Effects of Vegetarian Diets on Blood Lipids: A Systematic Review and Meta-Analysis of Randomized Controlled Trials.

Author(s): 

Wang F, Zheng J, Yang B, Jiang J, Fu Y, Li D.

Journal: 

J Am Heart Assoc.

Year Published: 

2015

Category: 

Study Design: 

Link to Full Article Free Online: 

Abstract: 

BACKGROUND:

Vegetarian diets exclude all animal flesh and are being widely adopted by an increasing number of people; however, effects on blood lipid concentrations remain unclear. This meta-analysis aimed to quantitatively assess the overall effects of vegetarian diets on blood lipids.

METHODS AND RESULTS:

We searched PubMed, Scopus, Embase, ISI Web of Knowledge, and the Cochrane Library through March 2015. Studies were included if they described the effectiveness of vegetarian diets on blood lipids (total cholesterol, low-density lipoprotein cholesterol, high-density lipoprotein cholesterol, and triglyceride). Weighted mean effect sizes were calculated for net changes by using a random-effects model. We performed subgroup and univariate meta-regression analyses to explore sources of heterogeneity. Eleven trials were included in the meta-analysis. Vegetarian diets significantly lowered blood concentrations of total cholesterol, low-density lipoprotein cholesterol, high-density lipoprotein cholesterol, and non-high-density lipoprotein cholesterol, and the pooled estimated changes were -0.36 mmol/L (95% CI -0.55 to -0.17; P<0.001), -0.34 mmol/L (95% CI -0.57 to -0.11; P<0.001), -0.10 mmol/L (95% CI -0.14 to -0.06; P<0.001), and -0.30 mmol/L (95% CI -0.50 to -0.10; P=0.04), respectively. Vegetarian diets did not significantly affect blood triglyceride concentrations, with a pooled estimated mean difference of 0.04 mmol/L (95% CI -0.05 to 0.13; P=0.40).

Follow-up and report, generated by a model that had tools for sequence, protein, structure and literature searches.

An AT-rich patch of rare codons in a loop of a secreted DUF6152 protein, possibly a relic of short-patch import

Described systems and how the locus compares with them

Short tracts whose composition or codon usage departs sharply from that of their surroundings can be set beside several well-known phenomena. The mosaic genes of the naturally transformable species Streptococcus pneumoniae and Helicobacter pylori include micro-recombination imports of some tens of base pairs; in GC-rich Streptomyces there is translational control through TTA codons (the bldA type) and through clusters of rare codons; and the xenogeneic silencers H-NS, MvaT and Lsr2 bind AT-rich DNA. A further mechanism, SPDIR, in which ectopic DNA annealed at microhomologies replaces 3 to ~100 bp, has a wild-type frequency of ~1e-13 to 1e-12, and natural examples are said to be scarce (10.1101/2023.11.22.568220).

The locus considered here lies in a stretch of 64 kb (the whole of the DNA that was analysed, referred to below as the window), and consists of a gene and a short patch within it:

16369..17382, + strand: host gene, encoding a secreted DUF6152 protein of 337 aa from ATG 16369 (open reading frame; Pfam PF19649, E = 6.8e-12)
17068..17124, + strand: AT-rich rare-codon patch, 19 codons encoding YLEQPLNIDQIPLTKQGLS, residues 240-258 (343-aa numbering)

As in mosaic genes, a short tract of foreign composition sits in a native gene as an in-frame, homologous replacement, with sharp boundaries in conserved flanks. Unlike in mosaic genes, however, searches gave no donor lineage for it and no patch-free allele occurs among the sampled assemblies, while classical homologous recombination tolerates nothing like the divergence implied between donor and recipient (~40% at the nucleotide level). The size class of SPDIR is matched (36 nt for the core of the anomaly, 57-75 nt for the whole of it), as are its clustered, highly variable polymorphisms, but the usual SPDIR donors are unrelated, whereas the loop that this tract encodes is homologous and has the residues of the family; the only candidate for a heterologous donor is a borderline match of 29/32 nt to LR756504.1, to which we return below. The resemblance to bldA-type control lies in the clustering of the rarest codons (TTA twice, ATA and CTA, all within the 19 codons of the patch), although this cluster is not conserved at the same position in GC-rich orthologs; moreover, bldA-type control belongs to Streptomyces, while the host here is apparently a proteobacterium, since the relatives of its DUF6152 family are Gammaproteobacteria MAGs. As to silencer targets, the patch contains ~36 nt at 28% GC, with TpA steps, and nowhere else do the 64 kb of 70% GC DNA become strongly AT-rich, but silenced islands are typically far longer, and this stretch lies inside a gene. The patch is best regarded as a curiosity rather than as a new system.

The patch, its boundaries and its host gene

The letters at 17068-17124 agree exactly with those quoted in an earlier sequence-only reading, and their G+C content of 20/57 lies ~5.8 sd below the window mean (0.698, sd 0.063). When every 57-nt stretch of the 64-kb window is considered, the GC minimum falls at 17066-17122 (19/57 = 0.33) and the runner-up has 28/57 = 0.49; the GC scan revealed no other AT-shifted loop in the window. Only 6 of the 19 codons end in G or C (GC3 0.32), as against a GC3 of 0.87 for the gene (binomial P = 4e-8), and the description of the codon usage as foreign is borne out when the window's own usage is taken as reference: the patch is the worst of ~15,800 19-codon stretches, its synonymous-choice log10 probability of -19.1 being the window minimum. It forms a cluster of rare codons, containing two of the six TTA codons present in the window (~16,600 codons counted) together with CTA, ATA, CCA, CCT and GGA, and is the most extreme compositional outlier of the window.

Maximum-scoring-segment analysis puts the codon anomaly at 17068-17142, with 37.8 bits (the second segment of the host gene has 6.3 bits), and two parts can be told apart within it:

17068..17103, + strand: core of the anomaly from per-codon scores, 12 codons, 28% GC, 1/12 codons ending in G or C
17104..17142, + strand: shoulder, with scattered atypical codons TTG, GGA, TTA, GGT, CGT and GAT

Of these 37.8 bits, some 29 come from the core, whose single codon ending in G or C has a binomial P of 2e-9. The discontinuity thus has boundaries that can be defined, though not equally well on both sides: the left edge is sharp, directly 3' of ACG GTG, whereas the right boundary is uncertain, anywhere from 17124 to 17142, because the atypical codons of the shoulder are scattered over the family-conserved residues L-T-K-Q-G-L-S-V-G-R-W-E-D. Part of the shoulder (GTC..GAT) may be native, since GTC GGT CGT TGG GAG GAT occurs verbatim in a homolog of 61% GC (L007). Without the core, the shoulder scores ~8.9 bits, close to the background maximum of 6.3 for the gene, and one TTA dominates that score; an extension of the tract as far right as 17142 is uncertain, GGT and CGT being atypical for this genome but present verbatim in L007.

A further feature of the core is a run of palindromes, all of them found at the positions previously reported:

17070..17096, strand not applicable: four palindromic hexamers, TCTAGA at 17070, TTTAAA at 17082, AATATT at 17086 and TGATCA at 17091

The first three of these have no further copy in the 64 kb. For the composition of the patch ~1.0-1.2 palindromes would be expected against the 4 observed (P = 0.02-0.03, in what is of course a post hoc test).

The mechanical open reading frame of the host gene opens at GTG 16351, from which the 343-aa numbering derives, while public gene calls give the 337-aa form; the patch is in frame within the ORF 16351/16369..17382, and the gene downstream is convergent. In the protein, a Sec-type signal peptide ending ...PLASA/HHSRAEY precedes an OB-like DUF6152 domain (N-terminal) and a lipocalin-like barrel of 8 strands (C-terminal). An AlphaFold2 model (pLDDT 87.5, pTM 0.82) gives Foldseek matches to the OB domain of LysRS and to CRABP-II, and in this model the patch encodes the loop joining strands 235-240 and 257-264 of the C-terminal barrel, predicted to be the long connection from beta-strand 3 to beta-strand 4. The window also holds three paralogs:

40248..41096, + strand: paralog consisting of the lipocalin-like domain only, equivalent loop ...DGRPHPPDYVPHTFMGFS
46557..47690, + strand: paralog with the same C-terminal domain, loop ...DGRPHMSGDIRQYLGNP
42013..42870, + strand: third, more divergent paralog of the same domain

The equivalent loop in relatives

CONCLUSIONS:

This systematic review and meta-analysis provides evidence that vegetarian diets effectively lower blood concentrations of total cholesterol, low-density lipoprotein cholesterol, high-density lipoprotein cholesterol, and non-high-density lipoprotein cholesterol. Such diets could be a useful nonpharmaceutical means of managing dyslipidemia, especially hypercholesterolemia.